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Extreme SEAL Experience Blog


Monday March 10th 2008 - 14:24 AM EST
Added by: Don Shipley

I grew up on a large cattle farm in Pennsylvania and I did three things as a kid; I hunted and I trapped and I accumulated pets. You name it, and chances are I’ve had it as a pet. That changed very little when I became a SEAL and continues today.

My first pet in SEAL Team was a rattlesnake. The desert was filled with them and one night I caught a pile. I had them all in a trash can and they were laying on top of each other hiding.

All hiding except one.

In the middle of the can he rattled and struck anything being fearless and I decided I’d keep him. I put him in and ammo box and attached screen on top and released the others. I put the ammo box under the barracks to keep my friend safe and cool.

We were in the middle of a brief when the doors blew opened and in came a red faced super pissed Vietnam vet SEAL who was the camp guard. He yelled " WHO THE F__K PUT A SNAKE UNDER THE BARRACKS?"

Being a "New Guy" I came clean and waited to be punched out.

Apparently he went under to fix an air conditioner in the tight space and moved the box out of his way. When the snake rattled loudly he didn’t know it was in the box and thought it was hiding nearby and going to bite him.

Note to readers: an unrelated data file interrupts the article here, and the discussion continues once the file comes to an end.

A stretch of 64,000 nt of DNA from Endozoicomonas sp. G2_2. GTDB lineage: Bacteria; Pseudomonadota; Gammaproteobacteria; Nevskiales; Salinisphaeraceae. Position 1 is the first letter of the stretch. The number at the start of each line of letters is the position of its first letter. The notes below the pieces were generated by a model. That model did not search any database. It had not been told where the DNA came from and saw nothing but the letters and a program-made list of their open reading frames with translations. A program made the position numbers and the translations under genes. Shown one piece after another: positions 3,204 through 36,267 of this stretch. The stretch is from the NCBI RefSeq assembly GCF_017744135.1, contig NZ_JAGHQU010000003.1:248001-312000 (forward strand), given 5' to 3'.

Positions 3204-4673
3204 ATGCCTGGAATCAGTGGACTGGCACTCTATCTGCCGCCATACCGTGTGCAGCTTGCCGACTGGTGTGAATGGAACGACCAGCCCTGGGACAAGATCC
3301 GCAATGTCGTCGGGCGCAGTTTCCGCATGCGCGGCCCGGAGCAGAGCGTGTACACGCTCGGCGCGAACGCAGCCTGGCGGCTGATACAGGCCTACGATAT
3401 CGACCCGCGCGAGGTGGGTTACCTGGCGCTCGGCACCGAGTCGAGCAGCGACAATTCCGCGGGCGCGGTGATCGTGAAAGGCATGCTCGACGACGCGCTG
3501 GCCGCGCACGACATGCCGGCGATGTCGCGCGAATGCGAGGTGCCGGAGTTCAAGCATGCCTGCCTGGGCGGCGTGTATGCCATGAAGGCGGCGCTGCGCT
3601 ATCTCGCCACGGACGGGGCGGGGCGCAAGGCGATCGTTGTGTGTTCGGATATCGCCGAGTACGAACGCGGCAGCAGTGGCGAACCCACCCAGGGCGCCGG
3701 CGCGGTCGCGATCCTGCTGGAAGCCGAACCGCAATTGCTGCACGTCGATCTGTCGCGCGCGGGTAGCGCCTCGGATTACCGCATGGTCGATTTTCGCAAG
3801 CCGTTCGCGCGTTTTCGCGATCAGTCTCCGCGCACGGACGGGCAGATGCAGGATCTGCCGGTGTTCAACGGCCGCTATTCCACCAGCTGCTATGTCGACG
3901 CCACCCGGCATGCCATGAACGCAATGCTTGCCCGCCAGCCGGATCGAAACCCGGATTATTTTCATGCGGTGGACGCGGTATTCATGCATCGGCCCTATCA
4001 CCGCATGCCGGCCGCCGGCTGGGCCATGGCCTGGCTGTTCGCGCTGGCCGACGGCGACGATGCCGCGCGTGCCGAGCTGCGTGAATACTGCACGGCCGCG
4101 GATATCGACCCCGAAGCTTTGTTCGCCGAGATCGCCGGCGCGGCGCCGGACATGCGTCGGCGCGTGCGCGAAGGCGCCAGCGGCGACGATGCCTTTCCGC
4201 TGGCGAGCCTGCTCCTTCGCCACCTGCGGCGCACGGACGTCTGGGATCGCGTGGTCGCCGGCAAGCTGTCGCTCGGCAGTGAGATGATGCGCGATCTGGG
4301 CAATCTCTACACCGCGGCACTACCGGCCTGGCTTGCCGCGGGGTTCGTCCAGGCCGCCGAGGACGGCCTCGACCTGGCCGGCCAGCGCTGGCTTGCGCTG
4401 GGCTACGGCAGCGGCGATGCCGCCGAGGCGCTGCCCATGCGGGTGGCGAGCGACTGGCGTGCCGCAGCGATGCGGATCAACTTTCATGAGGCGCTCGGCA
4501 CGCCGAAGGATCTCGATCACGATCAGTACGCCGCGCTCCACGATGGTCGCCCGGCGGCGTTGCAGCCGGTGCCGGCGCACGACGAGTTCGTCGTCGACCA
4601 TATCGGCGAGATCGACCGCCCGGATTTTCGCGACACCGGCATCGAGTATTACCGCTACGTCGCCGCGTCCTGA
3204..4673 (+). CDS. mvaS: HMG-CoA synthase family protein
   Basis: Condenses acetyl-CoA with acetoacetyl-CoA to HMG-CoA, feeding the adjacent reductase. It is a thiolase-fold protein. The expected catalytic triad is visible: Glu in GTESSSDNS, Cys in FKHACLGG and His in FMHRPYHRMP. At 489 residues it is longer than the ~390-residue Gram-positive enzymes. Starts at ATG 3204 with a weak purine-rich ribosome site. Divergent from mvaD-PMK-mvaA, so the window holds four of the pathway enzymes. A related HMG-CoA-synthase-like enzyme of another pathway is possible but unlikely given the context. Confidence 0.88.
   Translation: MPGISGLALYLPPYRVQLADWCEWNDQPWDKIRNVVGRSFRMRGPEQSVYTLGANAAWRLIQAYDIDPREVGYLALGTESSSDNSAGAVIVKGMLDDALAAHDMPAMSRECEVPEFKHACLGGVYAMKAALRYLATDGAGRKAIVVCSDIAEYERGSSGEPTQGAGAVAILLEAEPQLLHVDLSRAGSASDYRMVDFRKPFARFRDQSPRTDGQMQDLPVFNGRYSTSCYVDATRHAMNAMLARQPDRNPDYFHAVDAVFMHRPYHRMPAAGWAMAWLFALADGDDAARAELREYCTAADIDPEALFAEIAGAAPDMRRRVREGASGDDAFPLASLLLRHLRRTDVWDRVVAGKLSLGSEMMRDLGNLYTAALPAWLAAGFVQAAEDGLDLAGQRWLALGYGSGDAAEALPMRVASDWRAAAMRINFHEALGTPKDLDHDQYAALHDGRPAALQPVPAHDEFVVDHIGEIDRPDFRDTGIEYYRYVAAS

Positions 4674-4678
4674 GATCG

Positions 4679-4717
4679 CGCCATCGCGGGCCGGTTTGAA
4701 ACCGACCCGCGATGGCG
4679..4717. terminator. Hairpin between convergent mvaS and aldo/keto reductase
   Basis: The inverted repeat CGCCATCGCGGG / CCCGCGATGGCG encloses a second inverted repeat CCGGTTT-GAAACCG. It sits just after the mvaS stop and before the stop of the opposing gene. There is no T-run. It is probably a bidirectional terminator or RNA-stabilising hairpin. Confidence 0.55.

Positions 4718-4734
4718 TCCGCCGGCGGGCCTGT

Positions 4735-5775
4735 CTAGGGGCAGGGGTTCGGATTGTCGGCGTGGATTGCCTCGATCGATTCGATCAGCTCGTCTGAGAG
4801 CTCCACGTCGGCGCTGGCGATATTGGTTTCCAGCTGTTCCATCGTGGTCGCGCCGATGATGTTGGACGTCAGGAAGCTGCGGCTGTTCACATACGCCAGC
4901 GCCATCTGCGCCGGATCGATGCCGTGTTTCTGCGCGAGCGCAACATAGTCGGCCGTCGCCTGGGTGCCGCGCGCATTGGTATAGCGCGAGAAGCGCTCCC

I guess he moved pretty quick.

Close to our base in Puerto Rico was an island where they raised monkeys for labs. A few of us took a Zodiac boat for a visit. Landing the boat on Monkey Island, we patrolled through well worn paths looking for a friendly one.

Fat Chance...

They followed at a distance and watched us through the brush and it seemed like word quickly spread that we were on the island as more and more showed up and started raising Hell and throwing things. One of the guys suggested we should leave and we began retracing our steps back to the boats.

The monkeys realized we were leaving and surrounded us. While this may sound funny, some of these guys were big and it was starting to get ugly as we armed ourselves with sticks and continued our retreat.

They chased us on the beach as a few of us fought them off, while the others shoved the boat in the water and we jumped in paddling and trying to start the motor as the monkeys entered the water trying to get in the boat.

I never knew a monkey could swim.

I had a Hedge Hog in Bosnia as a pet. He liked me and was comfortable, but anytime someone came around he’d jump and stick me with his sharp spines. I let him go and got a stray dog.

I named the dog Bihac, after a rough area of Bosnia and he loved all the guys and slept with me every night. We worked for a Army SF Colonel and he wasn’t wild about me having him, but said as long as I kept him low profile I could keep him.

Bihac’s last day came as I was entering Headquarters.

I opened the heavy door and just inside was a large briefing room filled with some serious "Brass" for a briefing. Bihac tried to follow and the door hit him. Stuck half way he began screaming and would not stop as I freed him. He hauled ass back to the barracks screaming all the way.